A first-of-its-kind program is being pilot tested at The University of Kansas Health System in Kansas City, Kan., to see how patients respond to a helpful new approach. Partnering with For the Love of Peach, this program provides a “give space” Peach symbol to patients who prefer no physical contact. The symbol is on clothing and accessories, specifically designed to help patients feel protection from any post-operating procedure, health condition or sensitivity. Approximately 300 patients are being provided with either a vest or a poncho with the “give space” Peach symbol. The vest is designed with strategically located post-operative pockets, including chest pockets for padding, breast pad inserts for mastectomy patients and side internal pockets for any surgical equipment. The poncho is designed to be worn over the patient’s lap, over their shoulders, or even on the bed, to signal to others of their need for space.
“We understand that each patient has different needs, so we’re happy to be offering this option to patients who would feel more comfortable with loved ones understanding that they need some space, without having to actually tell them that,” said Dr. Richard Korentager, MD, chair of plastic surgery and burns at The University of Kansas Health System.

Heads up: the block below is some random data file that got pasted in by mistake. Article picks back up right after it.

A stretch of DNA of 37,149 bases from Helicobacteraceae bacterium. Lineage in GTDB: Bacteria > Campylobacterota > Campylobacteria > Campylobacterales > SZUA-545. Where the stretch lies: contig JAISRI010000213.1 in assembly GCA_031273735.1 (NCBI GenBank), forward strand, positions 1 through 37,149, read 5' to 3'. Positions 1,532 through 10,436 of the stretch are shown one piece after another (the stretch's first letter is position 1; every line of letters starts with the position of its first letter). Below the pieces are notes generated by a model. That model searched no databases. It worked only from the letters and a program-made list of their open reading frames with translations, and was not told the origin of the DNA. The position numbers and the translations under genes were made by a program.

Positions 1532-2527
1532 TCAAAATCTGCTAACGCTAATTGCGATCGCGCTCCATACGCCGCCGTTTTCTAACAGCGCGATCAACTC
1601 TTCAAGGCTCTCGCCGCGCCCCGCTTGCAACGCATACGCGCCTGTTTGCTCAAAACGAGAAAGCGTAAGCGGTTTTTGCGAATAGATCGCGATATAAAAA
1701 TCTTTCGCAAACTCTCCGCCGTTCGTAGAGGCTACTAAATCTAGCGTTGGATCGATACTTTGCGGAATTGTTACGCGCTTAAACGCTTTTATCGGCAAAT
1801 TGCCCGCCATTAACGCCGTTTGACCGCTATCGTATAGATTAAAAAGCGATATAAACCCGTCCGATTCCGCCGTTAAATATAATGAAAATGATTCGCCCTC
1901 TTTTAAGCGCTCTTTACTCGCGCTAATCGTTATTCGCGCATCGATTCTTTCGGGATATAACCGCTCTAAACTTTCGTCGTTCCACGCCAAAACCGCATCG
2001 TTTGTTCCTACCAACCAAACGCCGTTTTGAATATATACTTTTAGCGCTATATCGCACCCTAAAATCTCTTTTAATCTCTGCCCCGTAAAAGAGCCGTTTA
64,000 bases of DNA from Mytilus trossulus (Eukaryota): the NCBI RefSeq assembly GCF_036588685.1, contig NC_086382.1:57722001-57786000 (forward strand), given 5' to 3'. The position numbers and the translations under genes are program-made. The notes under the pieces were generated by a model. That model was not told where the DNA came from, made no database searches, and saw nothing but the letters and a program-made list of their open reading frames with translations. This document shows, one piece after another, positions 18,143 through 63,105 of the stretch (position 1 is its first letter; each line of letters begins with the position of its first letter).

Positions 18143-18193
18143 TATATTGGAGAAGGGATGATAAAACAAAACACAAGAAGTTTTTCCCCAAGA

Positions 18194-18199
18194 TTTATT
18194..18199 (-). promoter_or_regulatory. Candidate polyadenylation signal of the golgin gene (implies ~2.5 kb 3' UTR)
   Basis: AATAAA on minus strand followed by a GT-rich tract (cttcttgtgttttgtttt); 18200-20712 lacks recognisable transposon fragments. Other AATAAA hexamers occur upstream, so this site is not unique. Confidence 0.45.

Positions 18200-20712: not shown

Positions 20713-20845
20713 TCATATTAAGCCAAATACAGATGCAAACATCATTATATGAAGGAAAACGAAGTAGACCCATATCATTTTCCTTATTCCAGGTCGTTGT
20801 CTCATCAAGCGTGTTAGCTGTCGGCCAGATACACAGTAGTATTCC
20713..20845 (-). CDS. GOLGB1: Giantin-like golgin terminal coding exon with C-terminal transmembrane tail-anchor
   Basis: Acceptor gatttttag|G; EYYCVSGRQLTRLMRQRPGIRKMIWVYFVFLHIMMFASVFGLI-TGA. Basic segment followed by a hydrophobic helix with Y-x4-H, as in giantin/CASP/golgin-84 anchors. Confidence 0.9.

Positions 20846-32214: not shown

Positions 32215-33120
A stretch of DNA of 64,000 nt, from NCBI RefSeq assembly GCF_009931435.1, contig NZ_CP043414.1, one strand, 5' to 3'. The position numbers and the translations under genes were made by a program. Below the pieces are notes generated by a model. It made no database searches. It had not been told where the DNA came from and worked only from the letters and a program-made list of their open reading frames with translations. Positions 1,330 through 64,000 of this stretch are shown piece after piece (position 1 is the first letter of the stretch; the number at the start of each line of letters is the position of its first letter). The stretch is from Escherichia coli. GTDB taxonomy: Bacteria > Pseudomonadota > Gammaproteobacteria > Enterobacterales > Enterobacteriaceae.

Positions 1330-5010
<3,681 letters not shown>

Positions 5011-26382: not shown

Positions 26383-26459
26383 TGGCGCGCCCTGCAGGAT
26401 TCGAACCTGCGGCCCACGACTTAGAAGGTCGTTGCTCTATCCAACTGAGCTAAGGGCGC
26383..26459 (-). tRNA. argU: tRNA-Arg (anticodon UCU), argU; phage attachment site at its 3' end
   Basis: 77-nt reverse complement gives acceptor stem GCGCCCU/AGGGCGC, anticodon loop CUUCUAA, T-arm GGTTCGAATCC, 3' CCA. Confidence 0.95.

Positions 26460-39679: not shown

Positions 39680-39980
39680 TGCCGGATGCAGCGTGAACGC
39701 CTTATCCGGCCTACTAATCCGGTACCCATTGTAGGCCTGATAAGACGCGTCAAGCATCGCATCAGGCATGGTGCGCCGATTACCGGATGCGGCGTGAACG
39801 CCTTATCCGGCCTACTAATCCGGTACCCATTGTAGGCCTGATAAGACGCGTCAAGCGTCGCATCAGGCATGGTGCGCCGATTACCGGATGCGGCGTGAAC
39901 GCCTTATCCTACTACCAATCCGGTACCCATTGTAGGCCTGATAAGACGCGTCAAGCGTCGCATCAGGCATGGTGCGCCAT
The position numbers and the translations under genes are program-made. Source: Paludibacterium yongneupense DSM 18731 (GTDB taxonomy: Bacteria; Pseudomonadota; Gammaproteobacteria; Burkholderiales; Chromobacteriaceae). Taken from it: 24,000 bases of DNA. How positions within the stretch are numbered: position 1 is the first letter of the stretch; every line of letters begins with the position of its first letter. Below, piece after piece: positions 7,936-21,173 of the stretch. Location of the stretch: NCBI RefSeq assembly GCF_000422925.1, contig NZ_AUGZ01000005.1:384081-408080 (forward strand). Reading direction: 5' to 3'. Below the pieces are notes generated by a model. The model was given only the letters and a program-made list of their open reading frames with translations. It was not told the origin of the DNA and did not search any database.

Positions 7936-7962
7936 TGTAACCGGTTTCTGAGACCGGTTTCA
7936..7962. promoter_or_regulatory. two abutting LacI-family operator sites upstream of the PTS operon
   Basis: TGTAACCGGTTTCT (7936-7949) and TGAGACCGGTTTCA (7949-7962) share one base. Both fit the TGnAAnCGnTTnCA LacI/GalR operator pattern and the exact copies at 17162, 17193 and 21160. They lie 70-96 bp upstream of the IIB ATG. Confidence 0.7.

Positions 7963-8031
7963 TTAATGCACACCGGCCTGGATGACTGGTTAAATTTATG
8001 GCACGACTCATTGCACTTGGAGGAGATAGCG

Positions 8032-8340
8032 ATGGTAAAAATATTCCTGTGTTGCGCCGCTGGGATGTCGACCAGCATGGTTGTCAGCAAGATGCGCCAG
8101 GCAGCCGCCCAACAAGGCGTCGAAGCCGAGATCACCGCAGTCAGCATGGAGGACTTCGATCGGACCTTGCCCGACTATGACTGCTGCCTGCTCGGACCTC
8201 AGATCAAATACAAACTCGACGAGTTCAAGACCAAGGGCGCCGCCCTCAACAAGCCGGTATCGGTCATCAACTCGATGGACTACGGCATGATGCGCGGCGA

This program was founded by Carol Winner, who has dedicated her life to improving the health of others during her career as a public health educator and advocate. Carol recognized the need for an option like this for patients. At the same time, she was a caregiver to her mother while she battled cancer and recovery. Her mother experienced extensive surgeries and radiation, leaving her immune system compromised and physical touch painful. Because of Carol’s experience in the healthcare industry, she was able to recognize her mom’s risk from a simple well-intentioned hug or kiss.
“We are compassionate human beings. Sometimes, our touch can hurt and our germs can harm,” said Winner. “The give space Peach is a beautiful symbol that quickly cues others that the wearer needs space to heal, or just to be. No one needs know why you are wearing a Peach – it does not label anyone as to whether they have touch or germ sensitivities, chronic illness, or have had a major surgery. When others see the Peach, they will know what to do.”
In the video below, Carol Winner talks more about how her mother and a close friend, Dr. Julia Chapman, helped inspire the Give Space Peach. Dr. Chapman, MD, surgeon at The University of Kansas Health System and cancer survivor explains from personal and professional perspectives why she thinks the Give Space Peach will catch on. The video also shows patients receiving and reacting to the Give Space Peach blankets and ponchos.